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How to deny a computer access to DirectAccess? RRS feed

  • Question

  • Hi,

     

    Let's say a corporate laptop is lost/stolen.  How do you prevent that laptop from connecting via DirectAccess going forward?

     

    I guess you can simply disable the computer object in AD, but is there a "better" way of doing it?

    Monday, July 25, 2011 7:50 PM

Answers

  • Hi

     

    Disabling is an excellent solution because your infrastructure tunnel authentication is based on a combination of NTLMv2 and computer certificate. Once account is disabled, infrastructure tunnel cannot initialize. Have a look at this : http://technet.microsoft.com/en-us/library/ee382307(WS.10).aspx

    "

    Enabling strong CRL checking for IPsec authentication

    By default, the DirectAccess server and DirectAccess clients uses weak CRL checking when performing certificate-based IPsec peer authentication. With weak CRL checking, certificate revocation checking fails only if the validating computer confirms that the certificate has been revoked in the CRL. Revoking computer certificates is one way of blocking DirectAccess for specific DirectAccess clients. A simpler and preferred method is to disable the computer account in Active Directory. This method immediately prevents DirectAccess connections, such as when a laptop computer is lost or stolen, and does not have the delay associated with propagating CRL updates to CRL distribution points.

    For an additional level of protection, you can configure strong CRL checking, in which certificate revocation checking fails if the validating computer confirms that the certificate has been revoked or for any error encountered during certificate revocation checking, including the inability to access the CRL distribution point. For more information, see Configure Strong Certificate Revocation Checking for IPsec Authentication in the DirectAccess Deployment Guide."

     

    You can try this solution but you will loose NAP. So disabling the computer account is the best solution we have today.

     

     


    BenoitS - Simple by Design http://danstoncloud.com/blogs/simplebydesign/default.aspx
    • Marked as answer by MacAddict1 Tuesday, July 26, 2011 1:54 AM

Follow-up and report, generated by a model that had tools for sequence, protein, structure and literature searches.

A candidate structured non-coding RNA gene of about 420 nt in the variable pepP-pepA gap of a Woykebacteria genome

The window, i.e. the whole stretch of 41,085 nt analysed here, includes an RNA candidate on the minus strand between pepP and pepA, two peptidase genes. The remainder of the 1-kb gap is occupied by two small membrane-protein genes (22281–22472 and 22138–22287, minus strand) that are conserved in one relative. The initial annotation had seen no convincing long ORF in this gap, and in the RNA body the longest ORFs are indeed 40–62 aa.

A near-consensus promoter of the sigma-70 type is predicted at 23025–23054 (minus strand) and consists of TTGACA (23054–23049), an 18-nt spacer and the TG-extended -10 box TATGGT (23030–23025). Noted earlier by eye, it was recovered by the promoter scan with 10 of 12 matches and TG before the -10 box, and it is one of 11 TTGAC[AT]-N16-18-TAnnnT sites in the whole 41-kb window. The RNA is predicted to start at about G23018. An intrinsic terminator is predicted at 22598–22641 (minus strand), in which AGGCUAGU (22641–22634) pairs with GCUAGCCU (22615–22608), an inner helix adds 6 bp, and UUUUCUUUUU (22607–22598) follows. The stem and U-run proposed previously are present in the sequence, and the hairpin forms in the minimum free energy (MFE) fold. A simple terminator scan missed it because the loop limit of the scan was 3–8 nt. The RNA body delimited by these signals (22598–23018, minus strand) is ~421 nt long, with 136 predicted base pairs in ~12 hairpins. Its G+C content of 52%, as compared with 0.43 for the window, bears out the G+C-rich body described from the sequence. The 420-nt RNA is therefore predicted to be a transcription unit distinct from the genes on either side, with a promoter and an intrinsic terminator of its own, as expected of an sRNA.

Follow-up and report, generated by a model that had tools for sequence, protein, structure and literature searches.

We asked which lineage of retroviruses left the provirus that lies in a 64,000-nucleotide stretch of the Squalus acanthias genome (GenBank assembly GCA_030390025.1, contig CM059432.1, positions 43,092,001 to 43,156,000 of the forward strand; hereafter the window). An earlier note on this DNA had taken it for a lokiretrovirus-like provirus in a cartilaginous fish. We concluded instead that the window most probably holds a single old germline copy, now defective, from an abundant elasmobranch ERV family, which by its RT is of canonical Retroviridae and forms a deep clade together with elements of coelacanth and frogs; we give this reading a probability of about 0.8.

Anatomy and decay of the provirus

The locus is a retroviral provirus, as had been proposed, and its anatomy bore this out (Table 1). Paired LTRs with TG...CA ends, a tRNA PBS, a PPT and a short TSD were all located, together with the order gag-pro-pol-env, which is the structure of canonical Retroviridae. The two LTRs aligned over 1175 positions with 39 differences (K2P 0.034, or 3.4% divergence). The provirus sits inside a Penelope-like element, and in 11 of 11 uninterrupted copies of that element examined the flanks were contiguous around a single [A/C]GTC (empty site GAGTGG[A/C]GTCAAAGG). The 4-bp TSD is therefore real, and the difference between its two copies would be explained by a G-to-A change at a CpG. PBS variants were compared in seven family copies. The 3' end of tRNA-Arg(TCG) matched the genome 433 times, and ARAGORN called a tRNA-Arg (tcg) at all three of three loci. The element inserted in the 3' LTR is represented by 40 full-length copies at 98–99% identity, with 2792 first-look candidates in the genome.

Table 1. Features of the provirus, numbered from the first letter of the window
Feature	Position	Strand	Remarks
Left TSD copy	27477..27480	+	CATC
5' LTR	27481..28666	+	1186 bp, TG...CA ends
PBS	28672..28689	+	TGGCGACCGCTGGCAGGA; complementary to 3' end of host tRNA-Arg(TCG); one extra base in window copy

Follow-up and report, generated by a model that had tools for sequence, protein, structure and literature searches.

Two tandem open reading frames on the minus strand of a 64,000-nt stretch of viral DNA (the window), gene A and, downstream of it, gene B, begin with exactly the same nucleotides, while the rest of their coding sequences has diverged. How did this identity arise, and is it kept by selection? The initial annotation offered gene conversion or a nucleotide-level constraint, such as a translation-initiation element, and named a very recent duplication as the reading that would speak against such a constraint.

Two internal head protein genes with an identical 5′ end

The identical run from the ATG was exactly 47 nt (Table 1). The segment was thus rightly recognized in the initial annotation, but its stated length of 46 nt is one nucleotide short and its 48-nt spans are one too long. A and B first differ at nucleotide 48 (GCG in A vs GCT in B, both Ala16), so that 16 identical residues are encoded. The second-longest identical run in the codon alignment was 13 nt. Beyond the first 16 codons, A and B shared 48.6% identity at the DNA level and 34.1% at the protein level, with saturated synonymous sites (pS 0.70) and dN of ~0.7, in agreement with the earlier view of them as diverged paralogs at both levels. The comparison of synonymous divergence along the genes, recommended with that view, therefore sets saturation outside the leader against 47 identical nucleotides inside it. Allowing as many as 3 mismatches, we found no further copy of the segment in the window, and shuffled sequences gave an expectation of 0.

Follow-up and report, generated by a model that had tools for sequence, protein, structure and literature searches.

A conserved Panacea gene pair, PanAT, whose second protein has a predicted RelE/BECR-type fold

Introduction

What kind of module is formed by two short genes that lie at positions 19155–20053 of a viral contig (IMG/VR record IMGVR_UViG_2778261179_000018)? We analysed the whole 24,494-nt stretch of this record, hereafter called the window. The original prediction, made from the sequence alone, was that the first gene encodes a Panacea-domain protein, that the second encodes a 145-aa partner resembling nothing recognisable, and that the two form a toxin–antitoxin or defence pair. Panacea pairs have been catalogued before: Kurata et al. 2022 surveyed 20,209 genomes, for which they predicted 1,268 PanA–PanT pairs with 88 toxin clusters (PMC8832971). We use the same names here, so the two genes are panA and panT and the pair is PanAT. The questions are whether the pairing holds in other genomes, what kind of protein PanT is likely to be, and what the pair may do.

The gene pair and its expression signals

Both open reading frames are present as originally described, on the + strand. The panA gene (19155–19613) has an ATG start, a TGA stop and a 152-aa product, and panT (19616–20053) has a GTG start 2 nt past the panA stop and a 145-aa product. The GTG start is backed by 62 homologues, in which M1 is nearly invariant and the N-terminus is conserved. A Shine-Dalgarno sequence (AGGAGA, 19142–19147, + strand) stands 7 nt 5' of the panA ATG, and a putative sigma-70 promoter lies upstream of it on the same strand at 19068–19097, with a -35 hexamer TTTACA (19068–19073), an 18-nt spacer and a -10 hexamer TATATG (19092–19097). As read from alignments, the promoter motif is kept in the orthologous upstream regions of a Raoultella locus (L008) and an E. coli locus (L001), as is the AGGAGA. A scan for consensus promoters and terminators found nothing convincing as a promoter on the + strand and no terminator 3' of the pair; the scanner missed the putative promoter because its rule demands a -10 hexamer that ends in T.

Monday, July 25, 2011 9:03 PM

All replies

  • Hi

     

    Disabling is an excellent solution because your infrastructure tunnel authentication is based on a combination of NTLMv2 and computer certificate. Once account is disabled, infrastructure tunnel cannot initialize. Have a look at this : http://technet.microsoft.com/en-us/library/ee382307(WS.10).aspx

    "

    Enabling strong CRL checking for IPsec authentication

    By default, the DirectAccess server and DirectAccess clients uses weak CRL checking when performing certificate-based IPsec peer authentication. With weak CRL checking, certificate revocation checking fails only if the validating computer confirms that the certificate has been revoked in the CRL. Revoking computer certificates is one way of blocking DirectAccess for specific DirectAccess clients. A simpler and preferred method is to disable the computer account in Active Directory. This method immediately prevents DirectAccess connections, such as when a laptop computer is lost or stolen, and does not have the delay associated with propagating CRL updates to CRL distribution points.

    For an additional level of protection, you can configure strong CRL checking, in which certificate revocation checking fails if the validating computer confirms that the certificate has been revoked or for any error encountered during certificate revocation checking, including the inability to access the CRL distribution point. For more information, see Configure Strong Certificate Revocation Checking for IPsec Authentication in the DirectAccess Deployment Guide."

     

    You can try this solution but you will loose NAP. So disabling the computer account is the best solution we have today.

     

     


    BenoitS - Simple by Design http://danstoncloud.com/blogs/simplebydesign/default.aspx
    • Marked as answer by MacAddict1 Tuesday, July 26, 2011 1:54 AM
    Monday, July 25, 2011 9:03 PM
  • Also keep in mind that some consider it an advantage that DA can automatically connect itself after being stolen. This potentially gives you a way of tracking the laptop, and also if the thief were to get internet access on the device, that only means that the Infrastructure/management tunnel is active. So they still don't have any access into your network (unless they also stole the user's credentials), but it does give you management access back to the laptop. So for instance, if a laptop is stolen and they plug it in somewhere and boot to the login screen, they won't be able to authenticate and gain access to anything, but you will have a management tunnel established that you can use to issue some kind of "remote wipe" command and kill the hard drive on the laptop. I could see this being very useful to some companies.
    Tuesday, July 26, 2011 1:38 PM